This Cato Institute paper shows how legislators can design an education savings account (ESA) that is privately funded through tax-credit-eligible contributions from taxpayers, similar to tax-credit scholarship programs that already exist in states across the country. Tax-credit-funded ESAs would empower families with more educational options while enhancing accountability and refraining from coercing anyone to financially support ideas they oppose. Because they are funded through voluntary contributions, rather than public funds, tax-credit scholarships have been found by the U.S. Supreme Court and by every state supreme court that has considered the issue to be within the bounds of the U.S. Constitution and most state constitutions. In states that have Blaine amendments, which greatly restrict the ability of lawmakers to create some school choice programs, tax-credit ESAs could be a lifeline to families in need.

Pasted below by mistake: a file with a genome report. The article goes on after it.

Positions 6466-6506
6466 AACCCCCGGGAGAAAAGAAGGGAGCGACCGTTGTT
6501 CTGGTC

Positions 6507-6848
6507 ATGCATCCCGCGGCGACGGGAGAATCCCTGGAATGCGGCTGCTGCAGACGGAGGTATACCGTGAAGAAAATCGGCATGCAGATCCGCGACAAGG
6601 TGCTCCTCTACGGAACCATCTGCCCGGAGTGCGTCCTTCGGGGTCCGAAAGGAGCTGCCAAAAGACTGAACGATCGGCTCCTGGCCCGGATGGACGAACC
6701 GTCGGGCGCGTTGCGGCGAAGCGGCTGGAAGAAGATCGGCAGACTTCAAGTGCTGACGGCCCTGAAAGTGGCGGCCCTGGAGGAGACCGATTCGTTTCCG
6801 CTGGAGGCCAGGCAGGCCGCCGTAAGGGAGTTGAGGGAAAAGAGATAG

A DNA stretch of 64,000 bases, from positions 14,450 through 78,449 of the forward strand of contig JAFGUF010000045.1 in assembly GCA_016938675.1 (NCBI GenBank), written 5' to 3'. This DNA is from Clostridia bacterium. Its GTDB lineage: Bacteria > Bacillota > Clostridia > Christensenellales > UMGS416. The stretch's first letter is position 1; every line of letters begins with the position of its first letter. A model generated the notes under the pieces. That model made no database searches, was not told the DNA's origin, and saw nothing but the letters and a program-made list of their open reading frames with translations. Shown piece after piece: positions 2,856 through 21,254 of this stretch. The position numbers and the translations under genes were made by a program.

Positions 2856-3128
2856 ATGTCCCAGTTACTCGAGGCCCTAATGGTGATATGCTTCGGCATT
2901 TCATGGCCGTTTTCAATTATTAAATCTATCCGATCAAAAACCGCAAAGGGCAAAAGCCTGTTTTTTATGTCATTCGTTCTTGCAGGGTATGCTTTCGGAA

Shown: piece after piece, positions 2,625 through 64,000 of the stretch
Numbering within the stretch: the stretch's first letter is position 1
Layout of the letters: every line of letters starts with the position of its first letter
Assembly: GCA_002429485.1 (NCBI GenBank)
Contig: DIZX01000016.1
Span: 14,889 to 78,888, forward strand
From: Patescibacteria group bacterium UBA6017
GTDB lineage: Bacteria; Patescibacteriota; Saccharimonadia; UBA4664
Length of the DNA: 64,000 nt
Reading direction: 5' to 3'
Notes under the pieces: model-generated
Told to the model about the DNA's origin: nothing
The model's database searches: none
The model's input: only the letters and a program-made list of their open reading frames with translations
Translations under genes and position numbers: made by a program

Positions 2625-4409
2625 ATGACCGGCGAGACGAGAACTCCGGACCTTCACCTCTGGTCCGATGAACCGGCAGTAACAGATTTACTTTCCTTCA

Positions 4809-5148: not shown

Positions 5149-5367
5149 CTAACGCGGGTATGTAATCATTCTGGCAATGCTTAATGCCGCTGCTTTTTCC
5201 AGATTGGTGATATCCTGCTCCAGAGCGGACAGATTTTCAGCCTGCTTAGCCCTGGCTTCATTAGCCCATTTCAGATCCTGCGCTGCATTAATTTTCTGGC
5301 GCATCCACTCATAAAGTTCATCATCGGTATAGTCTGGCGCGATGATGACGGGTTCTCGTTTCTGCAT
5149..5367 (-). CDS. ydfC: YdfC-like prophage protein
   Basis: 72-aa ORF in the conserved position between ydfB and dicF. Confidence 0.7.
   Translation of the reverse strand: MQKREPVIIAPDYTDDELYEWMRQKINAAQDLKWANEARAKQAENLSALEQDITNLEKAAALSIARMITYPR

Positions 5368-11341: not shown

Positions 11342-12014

Research & Commentary: Indiana School Choice Parental Satisfaction Should Lead to More School Choice
In this Research & Commentary, Heartland Policy Analyst Tim Benson examines an expanded, follow-up study to a 2014 report by EdChoice that examines why Indiana parents choose to take advantage of the state’s Choice Scholarship Program voucher and use it to send their children to private schools.
Competition: For the Children
This study from the Texas Public Policy Foundation claims universal school choice results in higher test scores for students remaining in traditional public schools and improved high school graduation rates.
The Fiscal Effects of School Choice Programs on Public School Districts